There are plenty of niche markets in the payments world. And then there’s examples of the niches among niches — crowdsourced funding payment options available through major payment providers such as Amazon, PayPal and credit card companies.
Let’s start with Kickstarter, for example, which instead of developing its own payment platform, taps into Amazon Payments to make the money go round. By linking with Amazon it offers Kickstarter users and contributors an extra layer of trust, but even some of the most legitimate sounding projects have been plagued by scams or delayed beyond a reasonable date it promised its investors return on. From a payments perspective, fraud protection and prevention means everything to keeping users active and interested.
Rob Chesnut, who served as eBay’s senior vice president for trust and safety for nearly a decade until 2008, said modern-day crowdfunding is not unlike the early days of e-Commerce when it comes to fraud protection.
“When Mr. Chesnut started at the online marketplace, he said he was inundated by a flood of claims of fraudulent transactions. The company then was positioning itself as simply a platform for person-to-person transactions,” a Wall-Street Journal article reported, which also explains the steps he took to create a fraud department. The reasons was twofold, Chestnut said. eBay positioned itself at the time to have automated fraud protection and later brought in PayPal to help monitor transactions.
“Both because it was the right thing to do to the business and because of concerns that if we didn’t do it the government would do something about it,” Chestnut cited as reasons to start the fraud department.
Because crowdfunding sites like Kickstarter and Indiegogo don’t offer refunds, it’s up to the users to trust the leaders pitching the projects. The WSJ article cited an exampled of a digital information bracelet on Indiegogo that raised hundreds of thousands of dollars, but has failed to deliver. Once red flags were raised, backers started demanding money back, but money continued to be raised and the company collected $1.5 million. When is it time for the crowdfunding platform to step in, and how much vetting should crowdsourced companies do when it comes to approving projects?
Well, according to Kickstarter and Indiegogo, there’s measures already in place to combat scams, according to WSJ, who reported that the companies “argue that contributing to projects isn’t the same as making purchases in stores. The companies both say they employ trust and safety teams, proprietary algorithms and feedback from the community to handle such issues, without detailing their procedures.”
“While there’s risk inherent to every project, the system overall works remarkably well,” a Kickstarter spokesman told WSJ.
A couple payments companies that used Kickstarter to jump start operations — LoopPay and Coin — demonstrate potential successes but also pitfalls of being a backer of a crowdsourced fundraiser of creative projects. LoopPay, which surpassed its $100,000 fundraising goal just over a year ago, has already delivered on its promises and is creating new products. LoopPay technology allows user to pay with via smart phone at most retail merchants; existing point-of-sale systems. The company recently introduced the LoopPay ChargeCase, which both extends the iPhone battery charge by about 60 percent and allows consumers to pay with their iPhone 5 or 5s at any card swipe reader. It also recently released the LoopPay Card and the LoopPay Card Case that allows consumers to load all their cards into a simple, low-energy Bluetooth-enabled device.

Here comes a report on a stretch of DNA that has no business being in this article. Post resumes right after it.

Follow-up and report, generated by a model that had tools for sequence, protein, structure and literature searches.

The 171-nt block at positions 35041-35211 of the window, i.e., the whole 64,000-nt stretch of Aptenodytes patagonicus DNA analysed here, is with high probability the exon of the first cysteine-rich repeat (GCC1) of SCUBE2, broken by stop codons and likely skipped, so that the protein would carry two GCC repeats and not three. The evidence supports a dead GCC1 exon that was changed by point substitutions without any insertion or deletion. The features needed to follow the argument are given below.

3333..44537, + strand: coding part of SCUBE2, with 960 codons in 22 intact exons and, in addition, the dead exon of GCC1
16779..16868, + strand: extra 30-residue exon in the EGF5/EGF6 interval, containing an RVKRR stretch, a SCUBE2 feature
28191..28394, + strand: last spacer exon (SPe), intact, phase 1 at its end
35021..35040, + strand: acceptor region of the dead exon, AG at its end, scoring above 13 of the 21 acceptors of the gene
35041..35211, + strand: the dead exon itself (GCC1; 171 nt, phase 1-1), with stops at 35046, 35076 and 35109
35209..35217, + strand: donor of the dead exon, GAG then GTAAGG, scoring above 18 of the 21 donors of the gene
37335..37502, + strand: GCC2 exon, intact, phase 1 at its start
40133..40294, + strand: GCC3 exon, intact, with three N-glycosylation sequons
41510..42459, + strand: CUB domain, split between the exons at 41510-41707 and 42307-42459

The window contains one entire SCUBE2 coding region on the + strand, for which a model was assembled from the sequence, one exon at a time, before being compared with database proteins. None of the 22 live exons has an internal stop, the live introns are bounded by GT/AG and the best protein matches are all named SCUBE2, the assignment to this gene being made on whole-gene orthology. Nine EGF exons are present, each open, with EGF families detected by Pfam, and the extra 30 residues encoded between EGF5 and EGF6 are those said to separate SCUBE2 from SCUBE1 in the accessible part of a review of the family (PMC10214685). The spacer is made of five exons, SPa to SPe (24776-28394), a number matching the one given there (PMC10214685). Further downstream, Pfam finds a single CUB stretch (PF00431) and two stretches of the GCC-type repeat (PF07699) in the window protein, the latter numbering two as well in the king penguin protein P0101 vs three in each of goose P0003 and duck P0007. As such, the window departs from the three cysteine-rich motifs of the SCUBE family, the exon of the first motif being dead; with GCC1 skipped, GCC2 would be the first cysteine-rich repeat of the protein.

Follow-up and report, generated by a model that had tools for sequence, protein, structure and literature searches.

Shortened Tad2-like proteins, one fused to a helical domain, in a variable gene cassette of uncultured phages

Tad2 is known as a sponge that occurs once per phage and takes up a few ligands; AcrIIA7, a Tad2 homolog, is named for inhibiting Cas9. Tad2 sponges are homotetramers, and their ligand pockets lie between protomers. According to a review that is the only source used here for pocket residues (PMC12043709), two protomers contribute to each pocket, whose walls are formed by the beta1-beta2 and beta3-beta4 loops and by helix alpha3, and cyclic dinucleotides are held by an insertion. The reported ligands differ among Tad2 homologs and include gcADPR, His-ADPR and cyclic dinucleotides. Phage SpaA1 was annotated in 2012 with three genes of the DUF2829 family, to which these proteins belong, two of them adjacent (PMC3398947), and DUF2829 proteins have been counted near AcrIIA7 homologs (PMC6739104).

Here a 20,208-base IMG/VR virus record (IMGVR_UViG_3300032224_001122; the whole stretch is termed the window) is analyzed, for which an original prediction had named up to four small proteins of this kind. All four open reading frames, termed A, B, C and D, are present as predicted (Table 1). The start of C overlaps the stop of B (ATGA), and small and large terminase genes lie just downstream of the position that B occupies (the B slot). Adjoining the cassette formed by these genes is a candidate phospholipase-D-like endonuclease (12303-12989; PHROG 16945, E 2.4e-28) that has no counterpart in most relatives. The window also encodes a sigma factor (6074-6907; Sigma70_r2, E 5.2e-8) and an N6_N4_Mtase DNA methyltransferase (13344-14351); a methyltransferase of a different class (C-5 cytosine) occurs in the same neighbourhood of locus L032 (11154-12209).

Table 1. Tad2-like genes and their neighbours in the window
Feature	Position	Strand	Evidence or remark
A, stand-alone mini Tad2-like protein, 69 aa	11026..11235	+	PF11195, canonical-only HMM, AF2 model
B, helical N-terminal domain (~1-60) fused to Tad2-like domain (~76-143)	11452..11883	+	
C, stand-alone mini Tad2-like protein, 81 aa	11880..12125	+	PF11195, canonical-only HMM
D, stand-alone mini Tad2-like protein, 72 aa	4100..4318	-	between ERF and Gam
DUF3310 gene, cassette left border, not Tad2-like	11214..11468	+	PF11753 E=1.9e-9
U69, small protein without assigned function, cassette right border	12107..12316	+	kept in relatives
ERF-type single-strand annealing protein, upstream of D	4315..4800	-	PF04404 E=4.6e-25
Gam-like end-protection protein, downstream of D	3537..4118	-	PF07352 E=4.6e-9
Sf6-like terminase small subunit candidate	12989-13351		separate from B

Coin, however, has been sharply criticized for delays. One criticism surrounding crowdsourced funding projects is delayed shipping and a lack of assurance when backers will receive the product. Coin has recently fallen into that trap, as first shipments for international customers were moved from summer 2014 to spring 2015 following a series of technical bugs. Some in the U.S. have received their Coin, but Coin remains in damage-control mode. This started with an apology issued Nov. 20 for the shipping delays. The letter apologized for a “lack of transparency and clarity” to its impatient customers, but also announced the launch of an expanded Coin Beta program. But the company must build consumer confidence back up before it moves forward.
There’s several other popular crowdfunding sites, including GoFundMe, YouCaring, GiveForward and CrowdRide — some of which that aim to raise money from everything from people suffering personal tragedies and extreme medical bills to local sports teams needing an extra boost. All the sites assure the payments part of the platform is secure, using industry-standard SSL encryption, but it’s often reminded that the funder needs to personally vet what or who they are funding. From a backer’s standpoint, this starts with having a secure payment system.
“People will always be eager to support others they care about. GoFundMe removes the physical barriers traditionally associated with receiving financial support from the people in our lives,” the site says. Donors should be cautious when it comes to making payments on crowdfunding platforms, but it’s easy to want to make that payment when it appears it’s going to help someone. Despite the challenges companies face in providing the safe and secure way to make payments on these spaces, there’s hope that crowdfunding is a trend that’s here to stay.
“Jason Haensly, who co-runs the blog drop-kicker.com that looks into technical feasibility of crowdfunded projects, hopes that major crowdfunding platforms would be able to address existing issues,” WSJ reported, “Despite concerns, many backers and founders—including Mr. Haensly—say the future of crowdfunding remains bright.”
“We’re at the point where things are changing,” he told WSJ. “And they are changing for the better.”